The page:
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Housing and Homelessness

There’s A New Supportive Division In The City To Help Unhoused Young Adults

Three blue tents used by people experiencing homelessness are lined up on along a sidewalk. Behind them is a hotel.
A DCFS spokesperson says there aren't enough beds to meet the demand for housing, and its current program has a 95% occupancy rate that keeps the vacancy rate low.
(Ethan Ward
/
LAist)
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In an effort to address the needs of youth who are at risk of aging out of foster care and probation before they can find housing, the Los Angeles Department of Children and Family Services (DCFS) formed a new Supportive Housing Division.

The overall goal of the new division is to streamline the housing services process for people ages 18 to 24.

Amara Suárez, a DCFS public affairs spokesperson, said there wasn’t enough housing inventory to meet the demands of the eligible transition-aged youth.

“Currently, there are approximately 162 beds for all eligible former foster and probation young adults,” said Suarez, referring to the Transitional Housing Program - Plus which averages a 95% occupancy rate. “As a result, the THP-Plus participants are staying in the program longer, which keeps the vacancy rate low.”

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DCFS currently has three countywide transition-aged youth (TAY) housing programs, one for people with open child welfare cases and two for former foster youth that have exited the child welfare system. Suárez said the lack of affordable housing in L.A. continues to be a “pervasive problem” due to the high rents.

According to the Los Angeles Homeless Services Authority’s 2020 unhoused count, there were 2,585 people ages 18 to 24 who were unsheltered. There are nearly 2,000 youth who are currently in “supportive transition” with DFCS, underscoring the need for resources for young people to access so they don’t end up on the streets in encampments.

Suárez said the agency believes that housing is a human right.

“We are confident that such intentional efforts will decrease the number of TAY and families becoming unhoused and reducing the timeline of family reunification,” said Suárez.

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Sarah Fay, a former foster youth, knew the clock was running out on her ability to get help as a transition-aged youth when she applied for housing through Safe Place For Youth in 2018. But by the time she was connected to services, she had aged out. She turned 25 years old.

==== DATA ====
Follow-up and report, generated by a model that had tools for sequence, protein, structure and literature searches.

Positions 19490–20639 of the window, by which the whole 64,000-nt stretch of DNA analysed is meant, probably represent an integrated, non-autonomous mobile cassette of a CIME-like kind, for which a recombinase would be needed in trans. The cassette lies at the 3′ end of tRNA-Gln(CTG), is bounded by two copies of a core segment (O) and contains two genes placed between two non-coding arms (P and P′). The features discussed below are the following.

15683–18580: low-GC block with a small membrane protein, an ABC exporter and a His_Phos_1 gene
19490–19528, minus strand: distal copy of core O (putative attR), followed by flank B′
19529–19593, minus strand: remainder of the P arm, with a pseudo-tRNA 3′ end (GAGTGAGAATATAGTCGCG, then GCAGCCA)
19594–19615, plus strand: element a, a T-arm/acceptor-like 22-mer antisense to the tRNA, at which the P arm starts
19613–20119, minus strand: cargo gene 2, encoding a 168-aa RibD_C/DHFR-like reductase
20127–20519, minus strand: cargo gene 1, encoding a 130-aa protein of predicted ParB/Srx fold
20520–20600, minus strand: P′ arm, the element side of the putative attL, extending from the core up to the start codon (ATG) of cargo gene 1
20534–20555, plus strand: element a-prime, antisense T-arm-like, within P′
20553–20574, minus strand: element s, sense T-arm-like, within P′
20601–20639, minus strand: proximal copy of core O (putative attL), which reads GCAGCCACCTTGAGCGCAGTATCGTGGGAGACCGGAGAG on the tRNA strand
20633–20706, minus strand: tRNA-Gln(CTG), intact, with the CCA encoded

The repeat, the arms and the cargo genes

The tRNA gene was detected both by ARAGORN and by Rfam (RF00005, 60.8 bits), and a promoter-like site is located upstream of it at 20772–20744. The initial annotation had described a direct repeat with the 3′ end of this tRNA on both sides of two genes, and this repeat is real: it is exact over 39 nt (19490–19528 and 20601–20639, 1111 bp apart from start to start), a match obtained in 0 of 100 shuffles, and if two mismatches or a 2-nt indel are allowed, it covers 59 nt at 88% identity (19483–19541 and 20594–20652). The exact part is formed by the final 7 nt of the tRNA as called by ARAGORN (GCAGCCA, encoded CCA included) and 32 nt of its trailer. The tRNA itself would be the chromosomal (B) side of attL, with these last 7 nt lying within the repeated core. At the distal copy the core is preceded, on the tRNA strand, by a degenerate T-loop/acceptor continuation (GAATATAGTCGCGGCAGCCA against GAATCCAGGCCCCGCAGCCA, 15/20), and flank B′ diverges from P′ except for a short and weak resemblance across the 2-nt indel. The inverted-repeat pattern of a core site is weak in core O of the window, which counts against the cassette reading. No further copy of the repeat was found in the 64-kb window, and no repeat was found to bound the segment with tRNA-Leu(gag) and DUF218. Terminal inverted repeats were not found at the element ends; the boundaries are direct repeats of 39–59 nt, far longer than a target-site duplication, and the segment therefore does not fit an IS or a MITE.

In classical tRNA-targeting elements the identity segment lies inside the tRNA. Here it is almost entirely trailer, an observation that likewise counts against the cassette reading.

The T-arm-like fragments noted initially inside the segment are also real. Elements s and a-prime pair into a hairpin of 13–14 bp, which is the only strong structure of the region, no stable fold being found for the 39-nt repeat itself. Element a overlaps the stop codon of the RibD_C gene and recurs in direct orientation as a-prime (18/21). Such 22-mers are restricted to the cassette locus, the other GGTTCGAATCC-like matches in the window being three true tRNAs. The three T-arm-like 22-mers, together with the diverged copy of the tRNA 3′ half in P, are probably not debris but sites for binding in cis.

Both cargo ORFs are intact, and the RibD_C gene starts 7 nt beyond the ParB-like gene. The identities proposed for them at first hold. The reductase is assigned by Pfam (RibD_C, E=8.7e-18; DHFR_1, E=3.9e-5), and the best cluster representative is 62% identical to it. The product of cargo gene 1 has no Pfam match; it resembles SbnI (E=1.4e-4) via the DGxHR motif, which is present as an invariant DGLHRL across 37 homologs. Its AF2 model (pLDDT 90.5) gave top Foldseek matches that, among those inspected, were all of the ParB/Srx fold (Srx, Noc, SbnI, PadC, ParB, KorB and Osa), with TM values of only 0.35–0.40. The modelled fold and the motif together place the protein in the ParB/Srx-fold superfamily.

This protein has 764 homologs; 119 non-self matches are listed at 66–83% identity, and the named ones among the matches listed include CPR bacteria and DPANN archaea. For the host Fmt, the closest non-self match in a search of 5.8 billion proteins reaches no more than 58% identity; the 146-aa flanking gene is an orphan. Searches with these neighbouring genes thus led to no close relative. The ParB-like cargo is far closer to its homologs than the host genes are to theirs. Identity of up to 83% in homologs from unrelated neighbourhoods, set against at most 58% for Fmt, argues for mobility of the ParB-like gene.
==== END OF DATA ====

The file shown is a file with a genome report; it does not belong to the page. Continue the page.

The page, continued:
Fay, now 28 and a campus peer navigator at the nonprofit Safe Place For Youth, said she appreciates that DCFS has expanded its programs, because it’s been extremely difficult to place young people she works with into housing. But she has reservations on whether or not the new streamlined process will help because DCFS doesn’t operate enough of its own housing resources.

I believe what should happen is DCFS should have their own funding, their own programs and their own their own services that they offer rather than just refer youth to the coordinated entry system, which is basically for anybody who becomes houseless.
— Sarah Fay, peer navigator and youth advocate

“Youth are not put into a special or more specific housing service category, they're just thrown in with the other youth that are either probation or DCFS involved, which just kind of makes the whole system more backed up,” Fay said. “They're putting them in the same pool with basically everybody else rather than having their own housing programs and services that are provided just to those youth specifically.”

Fay said many youth still need to go through L.A.’s coordinated entry system, a process that assigns a score to anyone looking for shelter or interim housing. The assessment asks things like a person’s traumatic experiences or substance/mental health issues. Fay said the lower a person’s score, the less likely they will be eligible for services.

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Zack McFarland, an unhoused 24-year-old, previously told LAist that other unhoused people suggested he make his situation appear more desperate by not showering in order to score higher to get a housing placement faster.

“I believe what should happen is DCFS should have their own funding, their own programs and their own their own services that they offer rather than just refer youth to the coordinated entry system, which is basically for anybody who becomes houseless,” Fay said, adding that DCFS should also make sure young people who experience the system should have a seat at their table when figuring out ways to better serve transition-aged youth.

The State of California is currently crafting enhancements to the Transitional Housing Program - Plus, according to DCFS spokesperson Suárez, adding that its new Supportive Housing Division will support any improvements that will benefit prospective participants.

What questions do you have about homelessness?
Ethan Ward for a time lived in his car while attending community college. That experience informs his reporting on one of the most pressing issues in Southern California.